C176 - Safety and Health in Mines Convention, 1995 (No. 176)

 
EXTRACTO GRATUITO
Preamble

The General Conference of the International Labour Organization,

Having been convened at Geneva by the Governing Body of the International Labour Office, and having met in its Eighty-Second Session on 6 June 1995, and

Noting the relevant International Labour Conventions and Recommendations and, in particular, the Abolition of Forced Labour Convention, 1957; the Radiation Protection Convention and Recommendation, 1960; the Guarding of Machinery Convention and Recommendation, 1963; the Employment Injury Benefits Convention and Recommendation, 1964; the Minimum Age (Underground Work) Convention and Recommendation, 1965; the Medical Examination of Young Persons (Underground Work) Convention, 1965; the Working Environment (Air Pollution, Noise and Vibration) Convention and Recommendation, 1977; the Occupational Safety and Health Convention and Recommendation, 1981; the Occupational Health Services Convention and Recommendation, 1985; the Asbestos Convention and Recommendation, 1986; the Safety and Health in Construction Convention and Recommendation, 1988; the Chemicals Convention and Recommendation, 1990; and the Prevention of Major Industrial Accidents Convention and Recommendation, 1993, and

Considering that workers have a need for, and a right to, information, training and genuine consultation on and participation in the preparation and implementation of safety and health measures concerning the hazards and risks they face in the mining industry, and

Recognizing that it is desirable to prevent any fatalities, injuries or ill health affecting workers or members of the public, or damage to the environment arising from mining operations, and

Having regard to the need for cooperation between the International Labour Organization, the World Health Organization, the International Atomic Energy Agency and other relevant institutions and noting the relevant instruments, codes of practice, codes and guidelines issued by these organizations, and

Having decided upon the adoption of certain proposals with regard to safety and health in mines, which is the fourth item on the agenda of the session, and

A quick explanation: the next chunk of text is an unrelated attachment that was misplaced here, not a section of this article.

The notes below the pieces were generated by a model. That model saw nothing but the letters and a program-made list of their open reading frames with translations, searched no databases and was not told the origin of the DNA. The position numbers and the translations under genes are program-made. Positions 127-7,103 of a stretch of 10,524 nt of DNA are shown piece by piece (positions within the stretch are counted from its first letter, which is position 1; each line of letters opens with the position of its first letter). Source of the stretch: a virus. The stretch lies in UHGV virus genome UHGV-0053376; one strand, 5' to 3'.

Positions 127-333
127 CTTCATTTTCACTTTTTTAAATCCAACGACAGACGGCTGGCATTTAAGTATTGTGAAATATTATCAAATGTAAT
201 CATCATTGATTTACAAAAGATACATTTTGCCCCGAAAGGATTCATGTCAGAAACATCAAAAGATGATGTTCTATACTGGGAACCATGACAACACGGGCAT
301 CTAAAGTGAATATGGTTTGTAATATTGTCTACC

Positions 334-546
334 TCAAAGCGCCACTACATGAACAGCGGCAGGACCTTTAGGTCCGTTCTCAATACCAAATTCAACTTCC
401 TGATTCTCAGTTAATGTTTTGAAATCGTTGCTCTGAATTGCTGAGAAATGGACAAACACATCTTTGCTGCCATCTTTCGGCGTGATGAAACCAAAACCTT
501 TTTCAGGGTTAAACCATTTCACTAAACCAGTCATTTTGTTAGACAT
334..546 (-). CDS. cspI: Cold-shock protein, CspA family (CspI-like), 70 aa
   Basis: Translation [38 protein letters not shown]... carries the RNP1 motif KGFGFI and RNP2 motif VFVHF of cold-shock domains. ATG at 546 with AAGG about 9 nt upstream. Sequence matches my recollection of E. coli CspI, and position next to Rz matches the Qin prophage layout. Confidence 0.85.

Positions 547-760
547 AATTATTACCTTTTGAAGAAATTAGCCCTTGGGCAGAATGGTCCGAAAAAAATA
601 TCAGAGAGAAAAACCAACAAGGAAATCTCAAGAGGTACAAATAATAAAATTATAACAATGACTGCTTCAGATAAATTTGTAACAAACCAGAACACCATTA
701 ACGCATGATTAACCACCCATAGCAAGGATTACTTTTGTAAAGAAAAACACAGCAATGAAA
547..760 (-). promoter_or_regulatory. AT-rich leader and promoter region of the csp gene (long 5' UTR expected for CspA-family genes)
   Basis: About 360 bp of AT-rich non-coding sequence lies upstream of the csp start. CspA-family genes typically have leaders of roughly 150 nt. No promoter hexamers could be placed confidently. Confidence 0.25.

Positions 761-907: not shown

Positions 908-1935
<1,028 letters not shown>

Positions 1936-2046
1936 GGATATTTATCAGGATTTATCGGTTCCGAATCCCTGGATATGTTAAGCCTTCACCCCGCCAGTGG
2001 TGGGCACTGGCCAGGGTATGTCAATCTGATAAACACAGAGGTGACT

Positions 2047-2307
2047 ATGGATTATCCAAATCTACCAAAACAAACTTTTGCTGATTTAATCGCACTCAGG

Having determined that these proposals shall take the form of an international Convention;

adopts this twenty-second day of June of the year one thousand nine hundred and ninety-five the following Convention, which may be cited as the Safety and Health in Mines Convention, 1995:

PART I. DEFINITIONS
Article 1
  1. 1. For the purpose of this Convention, the term mine covers -
    • (a) surface or underground sites where the following activities, in particular, take place
      • (i) exploration for minerals, excluding oil and gas, that involves the mechanical disturbance of the ground;
      • (ii) extraction of minerals, excluding oil and gas;
      • (iii) preparation, including crushing, grinding, concentration or washing of the extracted material; and
    • (b) all machinery, equipment, appliances, plant, buildings and civil engineering structures used in conjunction with the activities referred to in (a) above.
  2. 2. For the purpose of this Convention, the term employer means any physical or legal person who employs one or more workers in a mine and, as the context requires, the operator, the principal contractor, contractor or subcontractor.
PART II. SCOPE AND MEANS OF APPLICATION
Article 2
  1. 1. This Convention applies to all mines.
  2. 2. After consultations with the most representative organizations of employers and workers concerned, the competent authority of a Member which ratifies the Convention
    • (a) may exclude certain categories of mines from the application of the Convention, or certain provisions thereof, if the overall protection afforded at these mines under national law and practice is not inferior to that which would result from the full application of the provisions of the Convention;
    • (b) shall, in the case of exclusion of certain categories of mines pursuant to clause (a) above, make plans for progressively covering all mines.
  3. 3. A Member which ratifies the Convention and avails itself of the possibility afforded in paragraph 2(a) above shall indicate, in its reports on the application of the Convention submitted under article 22 of the Constitution of the International Labour Organization, any particular category of mines thus excluded and the reasons for the exclusion.
Article 3

In the light of national conditions and practice and after consultations with the most representative organizations of employers and workers concerned, the Member shall formulate, carry out and periodically review a coherent policy on safety and health in mines, particularly with regard to the measures to give effect to the provisions of the Convention.

Article 4
  1. 1. The measures for ensuring application of the...

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